Maxwell L. Anderson
Director, Dallas Museum of Art
Maxwell L. Anderson recaps his first year as Director of the Dallas Museum of Art, and looks ahead to the launch of free admission and free membership coming to the DMA.
Anderson details plans to keep the museum’s offerings continually refreshed, in part through pieces loaned from foreign governments. Also, learn how new technology is being designed to enhance the experience of visitors to the DMA.
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Maxwell L. Anderson has been The Eugene McDermott Director of the Dallas Museum of Art since January 2012. Beginning with his first museum directorship in 1987, he has pursued solutions to challenges facing art museums internationally. In 1988 as director of the Michael C. Carlos Museum at Emory University (1987-1995), he inaugurated a series of loan projects highlighting unpublished treasures from the storerooms of some of the world’s leading museums in London, Paris, Rome, Mexico City, and elsewhere, looking for alternatives to buying antiquities from the illicit trade. As director of the Whitney Museum of American Art (1998-2003) he initiated the first multinational art purchase, a work by Bill Viola today jointly owned by the Whitney Museum, the Pompidou, and the Tate, to cope with the large scale of many contemporary artworks in variable media.
He has long championed the rights of artists to receive fair tax treatment when donating works of art to museums. Shortly after the attacks of September 11th, as chair of its Art Issues Committee, he introduced a successful motion at the Association of Art Museum Directors to forego terrorism insurance, assuring that U.S. and international loan exhibitions could continue uninterrupted. Four months before the onset of hostilities in Iraq, in November 2002, he co-authored an op-ed piece in The Washington Post warning against looting of museums and destruction of sites in the event of an invasion, and helped lead a delegation to the Pentagon to press the case. His seminal 2004 essay for the Getty Leadership Institute, titled “Metrics of Success for Art Museums,” was called an “influential broadside” regarding the proper evaluation of museum performance by The Washington Post.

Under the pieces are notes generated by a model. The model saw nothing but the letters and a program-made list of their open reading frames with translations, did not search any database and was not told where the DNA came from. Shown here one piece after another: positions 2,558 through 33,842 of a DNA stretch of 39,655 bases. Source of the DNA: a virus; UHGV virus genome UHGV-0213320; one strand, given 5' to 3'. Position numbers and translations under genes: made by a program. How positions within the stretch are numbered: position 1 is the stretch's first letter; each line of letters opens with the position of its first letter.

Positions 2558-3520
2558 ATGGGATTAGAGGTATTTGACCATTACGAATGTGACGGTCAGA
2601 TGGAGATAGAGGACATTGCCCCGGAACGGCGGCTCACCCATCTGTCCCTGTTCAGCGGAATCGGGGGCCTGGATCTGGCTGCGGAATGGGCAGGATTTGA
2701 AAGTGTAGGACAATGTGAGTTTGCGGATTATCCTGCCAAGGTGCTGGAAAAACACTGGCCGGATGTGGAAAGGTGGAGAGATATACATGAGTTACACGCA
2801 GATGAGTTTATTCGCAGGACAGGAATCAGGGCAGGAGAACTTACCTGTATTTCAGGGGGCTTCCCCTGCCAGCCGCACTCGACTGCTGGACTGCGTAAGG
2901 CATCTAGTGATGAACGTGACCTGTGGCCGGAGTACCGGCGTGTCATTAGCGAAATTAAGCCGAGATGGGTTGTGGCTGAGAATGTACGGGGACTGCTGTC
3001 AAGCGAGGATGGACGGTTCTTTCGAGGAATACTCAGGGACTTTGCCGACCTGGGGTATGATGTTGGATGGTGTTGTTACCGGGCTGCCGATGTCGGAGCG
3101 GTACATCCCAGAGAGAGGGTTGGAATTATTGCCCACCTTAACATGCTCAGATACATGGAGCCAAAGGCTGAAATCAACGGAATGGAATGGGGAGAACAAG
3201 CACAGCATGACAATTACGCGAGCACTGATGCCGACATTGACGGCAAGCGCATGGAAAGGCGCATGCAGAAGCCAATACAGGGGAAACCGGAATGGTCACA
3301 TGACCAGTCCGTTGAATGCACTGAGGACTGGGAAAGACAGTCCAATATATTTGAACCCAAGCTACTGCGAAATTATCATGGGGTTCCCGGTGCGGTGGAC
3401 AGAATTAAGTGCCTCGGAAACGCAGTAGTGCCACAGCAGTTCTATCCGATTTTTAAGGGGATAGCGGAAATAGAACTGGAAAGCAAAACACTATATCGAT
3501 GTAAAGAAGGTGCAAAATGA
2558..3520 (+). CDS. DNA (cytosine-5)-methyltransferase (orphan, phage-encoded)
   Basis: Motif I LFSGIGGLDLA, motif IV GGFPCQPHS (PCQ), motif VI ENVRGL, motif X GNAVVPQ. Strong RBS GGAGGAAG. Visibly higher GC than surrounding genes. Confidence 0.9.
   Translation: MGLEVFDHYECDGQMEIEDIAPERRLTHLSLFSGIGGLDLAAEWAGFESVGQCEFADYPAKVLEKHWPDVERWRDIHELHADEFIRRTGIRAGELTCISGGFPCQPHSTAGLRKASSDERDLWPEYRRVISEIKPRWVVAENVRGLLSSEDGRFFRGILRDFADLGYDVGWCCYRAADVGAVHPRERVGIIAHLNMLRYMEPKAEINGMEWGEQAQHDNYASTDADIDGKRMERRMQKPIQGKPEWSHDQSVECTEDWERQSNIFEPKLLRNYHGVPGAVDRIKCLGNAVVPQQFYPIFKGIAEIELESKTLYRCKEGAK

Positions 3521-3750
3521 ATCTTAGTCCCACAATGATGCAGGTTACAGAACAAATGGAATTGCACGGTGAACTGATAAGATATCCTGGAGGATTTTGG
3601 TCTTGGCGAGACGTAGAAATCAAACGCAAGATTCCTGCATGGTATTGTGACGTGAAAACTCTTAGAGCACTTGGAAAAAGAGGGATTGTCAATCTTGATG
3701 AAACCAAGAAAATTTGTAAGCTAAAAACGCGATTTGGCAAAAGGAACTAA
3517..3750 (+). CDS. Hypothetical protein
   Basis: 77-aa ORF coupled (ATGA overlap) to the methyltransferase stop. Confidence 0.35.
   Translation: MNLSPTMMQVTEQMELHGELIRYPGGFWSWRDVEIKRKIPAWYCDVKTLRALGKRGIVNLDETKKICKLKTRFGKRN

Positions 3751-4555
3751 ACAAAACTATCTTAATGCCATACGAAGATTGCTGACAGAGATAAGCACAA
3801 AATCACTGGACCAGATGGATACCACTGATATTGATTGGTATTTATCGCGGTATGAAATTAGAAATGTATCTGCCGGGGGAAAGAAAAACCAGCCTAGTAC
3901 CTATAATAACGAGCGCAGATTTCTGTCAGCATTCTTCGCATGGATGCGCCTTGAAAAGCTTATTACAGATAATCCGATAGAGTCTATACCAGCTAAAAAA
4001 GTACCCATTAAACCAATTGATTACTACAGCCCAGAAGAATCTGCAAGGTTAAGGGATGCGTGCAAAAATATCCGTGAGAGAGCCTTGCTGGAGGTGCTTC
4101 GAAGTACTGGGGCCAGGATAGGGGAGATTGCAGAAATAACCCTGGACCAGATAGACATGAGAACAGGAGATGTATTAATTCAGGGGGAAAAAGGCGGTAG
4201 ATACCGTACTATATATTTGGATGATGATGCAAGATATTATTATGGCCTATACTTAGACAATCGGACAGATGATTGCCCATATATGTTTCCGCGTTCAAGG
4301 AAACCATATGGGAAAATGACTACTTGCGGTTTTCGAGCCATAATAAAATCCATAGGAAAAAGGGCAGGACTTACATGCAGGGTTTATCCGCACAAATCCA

In 2006, as The Melvin & Bren Simon Director and CEO of the Indianapolis Museum of Art, he pioneered complete transparency in museums through the art world’s first true Dashboard chronicling real-time performance measures as well as complete documentation of and rationale for the deaccessioning of artworks, including posting valuations of prospective sales prior to placing objects in the art market. In 2007 he urged U.S. art museums to adopt 1970 as a bright line when considering acquisitions of archaeological material and ancient art, with a successful outcome in 2008. Anderson joined a lawsuit against every prosecutor in the State of Indiana to strike down a statute abridging freedom of expression.
In 2010, he advocated the relaxation of environmental control standards in art museums to save energy and reduce waste. He helped launch two consecutive projects to build international libraries of digital media documenting the collections and activities of art museums—one for still images (AMICO), and one for video (ArtBabble). In 2011 he led the formation of a partnership between the Association of Art Museum Directors and the United Negro College Fund to create a national program incentivizing students of color to enter the art museum profession.
Since arriving at the Dallas Museum of Art, he has launched a program in paintings conservation, added a specialist in Islamic art to the staff, signed a memorandum of understanding with the Republic of Turkey and is preparing MOUs with other nations as part of an art-for-expertise exchange program named DMX, and founded a Laboratory for Museum Innovation with seed capital to develop collaborative pilot projects in the areas of collections access, visitor engagement, and digital publishing. In the fall of 2012 he announced the DMA’s return to a policy of free general admission as well as a novel program offering free membership. He is at work to link the Dallas Arts District–the nation’s largest–with other leading cultural districts worldwide.
Anderson received an A.B. from Dartmouth College with highest distinction in art history (1977), and A.B. (1978) and PhD. (1981) degrees in art history from Harvard University.
Anderson’s recent book, The Quality Instinct: Seeing Art Through a Museum Director’s Eye, was published by the American Alliance of Museums and is distributed by the University of Chicago Press.